Taking Back Skepticism From Those Who Promote Division

Skepticism educator James Randi at a ...
Skepticism educator James Randi at a lecture at Rockefeller University, on October 10, 2008. In the above photo he is holding an $800 device advertised as a dowsing instrument. (Photo credit: Wikipedia)

Conservative Skeptic wrote a thought provoking post, Let's Take Back Skepticism (update: link no longer active), that is sure to divide readers. He raises some interesting questions. For example, can someone buy into a particular ideology so completely that one ceases to be critical of this ideology and still be a skeptic? He says no, and I am inclined to agree. Political orientation is one of the first things that comes to mind. I suspect we all know people who are thoroughly un-skeptical when it comes to the conservative political views or their liberal political views. Such individuals may be skeptical in other areas of their lives, but they are certainly not being skeptical when it comes to their political views.

The most intriguing question was what, if anything, those of us who are committed to skepticism should do about "the pseudo-intellectuals that constantly convey nonsense to the world." I assume he's talking about the drama bloggers who use skepticism when advantageous but refuse to apply it to their ideology. They cloak themselves in the mantle of skepticism and then disseminate information that is thoroughly un-skeptical to an audience who may then form erroneous impressions of skepticism. At the worst, one could imagine how this might come to tarnish public impressions of skepticism.

The question about how (or if) to respond to this sort of thing when it comes from people within our community sounds familiar, doesn't it? I have been conflicted on this question for some time. I think the most accurate way to describe my current approach is that I try to ignore what I feel I can afford to ignore and speak out when I feel I must. How's that for vague and noncommittal? Another way to put it might be to say that I'm on the "ignore them" side until I see something I consider to be harmful or potentially harmful. That would be the point where I might speak up.

Conservative Skeptic appears to be squarely on the side of wanting more skeptics to speak out against the bad ideas being disseminated by these individuals.

What I am asking is that when you see something that you disagree with, no matter where it comes from, speak up. The more voices in this schism the better. Don’t allow anyone to intimidate you into silence. When you see someone attacking an individual or group and disagree, then remain silent, that’s tacit agreement.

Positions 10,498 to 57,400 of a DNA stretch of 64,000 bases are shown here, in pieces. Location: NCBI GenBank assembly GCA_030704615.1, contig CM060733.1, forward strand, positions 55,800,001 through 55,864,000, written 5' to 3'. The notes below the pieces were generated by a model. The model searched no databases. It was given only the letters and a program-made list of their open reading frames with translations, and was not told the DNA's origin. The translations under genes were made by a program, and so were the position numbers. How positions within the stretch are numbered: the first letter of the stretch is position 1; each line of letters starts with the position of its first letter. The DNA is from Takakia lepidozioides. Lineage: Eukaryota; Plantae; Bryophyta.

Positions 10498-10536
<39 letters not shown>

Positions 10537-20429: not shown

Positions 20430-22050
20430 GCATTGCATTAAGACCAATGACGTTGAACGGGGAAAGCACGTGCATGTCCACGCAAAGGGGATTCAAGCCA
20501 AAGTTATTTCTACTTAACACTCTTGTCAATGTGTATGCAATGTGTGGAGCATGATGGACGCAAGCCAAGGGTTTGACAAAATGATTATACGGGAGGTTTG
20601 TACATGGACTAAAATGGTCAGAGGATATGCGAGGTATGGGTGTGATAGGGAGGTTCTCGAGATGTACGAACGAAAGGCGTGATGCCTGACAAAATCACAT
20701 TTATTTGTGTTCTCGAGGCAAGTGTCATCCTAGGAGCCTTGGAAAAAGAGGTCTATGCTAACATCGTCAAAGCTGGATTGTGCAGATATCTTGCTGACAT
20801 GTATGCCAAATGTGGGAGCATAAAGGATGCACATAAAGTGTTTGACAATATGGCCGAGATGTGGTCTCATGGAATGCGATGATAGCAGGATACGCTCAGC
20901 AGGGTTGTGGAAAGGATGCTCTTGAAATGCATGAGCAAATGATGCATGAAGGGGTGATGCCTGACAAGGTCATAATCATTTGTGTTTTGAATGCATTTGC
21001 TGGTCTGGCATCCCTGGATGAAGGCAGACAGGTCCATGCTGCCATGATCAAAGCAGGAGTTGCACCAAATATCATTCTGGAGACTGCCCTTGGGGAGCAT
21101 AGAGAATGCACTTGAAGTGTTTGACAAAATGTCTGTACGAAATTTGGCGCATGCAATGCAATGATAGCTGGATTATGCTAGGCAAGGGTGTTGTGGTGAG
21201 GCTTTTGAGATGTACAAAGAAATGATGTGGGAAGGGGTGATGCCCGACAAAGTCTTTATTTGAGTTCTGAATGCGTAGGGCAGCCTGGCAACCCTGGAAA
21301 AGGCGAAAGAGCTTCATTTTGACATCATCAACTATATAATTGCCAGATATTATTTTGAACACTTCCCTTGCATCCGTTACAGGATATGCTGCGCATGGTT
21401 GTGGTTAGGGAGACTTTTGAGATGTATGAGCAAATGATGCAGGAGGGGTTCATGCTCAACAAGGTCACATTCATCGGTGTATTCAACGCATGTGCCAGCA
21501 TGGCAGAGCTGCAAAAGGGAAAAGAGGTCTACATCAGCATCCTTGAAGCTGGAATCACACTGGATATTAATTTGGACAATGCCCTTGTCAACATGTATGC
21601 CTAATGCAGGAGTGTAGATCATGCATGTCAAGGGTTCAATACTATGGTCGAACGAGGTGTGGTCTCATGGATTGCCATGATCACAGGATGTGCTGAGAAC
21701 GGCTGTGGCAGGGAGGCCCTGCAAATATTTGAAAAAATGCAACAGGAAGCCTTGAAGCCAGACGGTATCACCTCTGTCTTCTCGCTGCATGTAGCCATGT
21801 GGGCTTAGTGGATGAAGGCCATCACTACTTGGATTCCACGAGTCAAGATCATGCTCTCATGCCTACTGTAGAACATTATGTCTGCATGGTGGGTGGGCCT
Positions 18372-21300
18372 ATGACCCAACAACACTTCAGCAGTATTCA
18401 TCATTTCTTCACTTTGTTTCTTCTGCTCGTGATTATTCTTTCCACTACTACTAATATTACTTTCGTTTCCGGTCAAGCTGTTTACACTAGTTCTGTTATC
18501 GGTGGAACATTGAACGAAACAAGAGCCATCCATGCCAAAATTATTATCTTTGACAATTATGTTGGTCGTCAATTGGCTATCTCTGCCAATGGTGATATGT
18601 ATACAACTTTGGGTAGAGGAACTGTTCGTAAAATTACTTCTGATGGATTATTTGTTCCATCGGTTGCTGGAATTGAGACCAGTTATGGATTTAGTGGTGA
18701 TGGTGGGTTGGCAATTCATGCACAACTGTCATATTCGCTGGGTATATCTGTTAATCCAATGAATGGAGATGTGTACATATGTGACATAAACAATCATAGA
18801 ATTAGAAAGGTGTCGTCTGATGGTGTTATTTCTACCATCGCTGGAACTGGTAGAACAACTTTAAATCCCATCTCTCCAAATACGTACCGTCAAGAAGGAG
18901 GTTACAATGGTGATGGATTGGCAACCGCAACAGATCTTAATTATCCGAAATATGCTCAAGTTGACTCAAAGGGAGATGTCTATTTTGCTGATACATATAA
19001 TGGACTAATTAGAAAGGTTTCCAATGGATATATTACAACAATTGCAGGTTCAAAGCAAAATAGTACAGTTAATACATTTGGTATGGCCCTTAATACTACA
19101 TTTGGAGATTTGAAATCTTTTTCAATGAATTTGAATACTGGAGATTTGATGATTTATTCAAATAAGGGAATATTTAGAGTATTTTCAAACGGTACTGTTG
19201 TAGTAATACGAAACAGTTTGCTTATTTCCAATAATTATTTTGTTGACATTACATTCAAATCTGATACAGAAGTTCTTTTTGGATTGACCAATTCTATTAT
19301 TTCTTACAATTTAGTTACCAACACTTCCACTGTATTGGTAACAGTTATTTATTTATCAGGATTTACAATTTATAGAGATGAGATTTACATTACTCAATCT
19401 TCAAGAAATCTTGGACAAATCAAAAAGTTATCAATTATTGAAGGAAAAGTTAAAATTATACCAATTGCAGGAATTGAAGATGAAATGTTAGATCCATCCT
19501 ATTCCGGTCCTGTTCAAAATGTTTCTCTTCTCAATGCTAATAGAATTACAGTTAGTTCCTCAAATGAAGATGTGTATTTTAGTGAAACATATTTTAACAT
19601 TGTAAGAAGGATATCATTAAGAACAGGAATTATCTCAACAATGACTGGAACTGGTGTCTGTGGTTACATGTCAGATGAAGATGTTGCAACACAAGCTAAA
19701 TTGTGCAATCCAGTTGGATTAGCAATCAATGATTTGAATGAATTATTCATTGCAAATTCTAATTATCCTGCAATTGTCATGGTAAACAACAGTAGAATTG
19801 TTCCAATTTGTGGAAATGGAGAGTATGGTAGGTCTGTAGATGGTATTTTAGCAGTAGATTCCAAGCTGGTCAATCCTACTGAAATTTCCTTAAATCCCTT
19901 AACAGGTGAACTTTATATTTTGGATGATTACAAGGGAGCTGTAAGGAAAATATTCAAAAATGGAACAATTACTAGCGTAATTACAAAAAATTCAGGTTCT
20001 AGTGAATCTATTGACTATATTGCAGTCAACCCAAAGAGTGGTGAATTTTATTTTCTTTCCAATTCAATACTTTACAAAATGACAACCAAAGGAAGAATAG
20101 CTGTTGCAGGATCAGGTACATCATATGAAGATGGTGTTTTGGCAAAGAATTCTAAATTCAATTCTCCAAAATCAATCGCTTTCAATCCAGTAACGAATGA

I have three concerns here. First, I constantly see things with which I disagree. If I spoke up each and every time, this is all I would be able to do. I'd be one of those assholes you see on Twitter criticizing nearly everything anybody said. I'd leave comments on countless blogs arguing with the author and annoying the readers. Many of the things I see with which I disagree are so incredibly trivial that I would have a difficult time justifying the time I'd need to devote to them. For me to be motivated to speak up, the misinformation generally needs to be potentially harmful.

Second, as a skeptic, I realize that I am going to make mistakes and be wrong some of the time. If I am going to weigh in against the bad ideas coming from within the skeptic community, I need some reason to believe that mine are really an improvement. I'm not sure that merely throwing my opinion into the mix is worth much unless it is an opinion based on fact. That is, I'd need to exercise some due diligence in researching the issue before I'd try to correct someone else. This is time consuming and probably not feasible in every case.

Third, I'm not sure I agree that refraining from speaking out is necessarily "tacit agreement." There are times when I resist the impulse to weigh in because I really hope the person spewing misinformation or bad ideas will see that nobody is buying it and go away. Trolls thrive on argument, and refusing to give it to them often sends them elsewhere. I'm certainly not suggesting that this is always the best approach; some bad ideas probably do demand a response. I am merely suggesting that I'm not sure it is fair to frame all instances of remaining silent as tacit agreement.

Does it make sense for skeptics to speak out in order to correct potentially harmful misinformation coming from within the skeptical community? Yes, I think it probably does. But some selectivity is probably advisable. If the disagreement is trivial, it probably isn't worth the effort. If it is potentially harmful and we can base our criticism on something other than mere opinion, it probably does make sense to weigh in.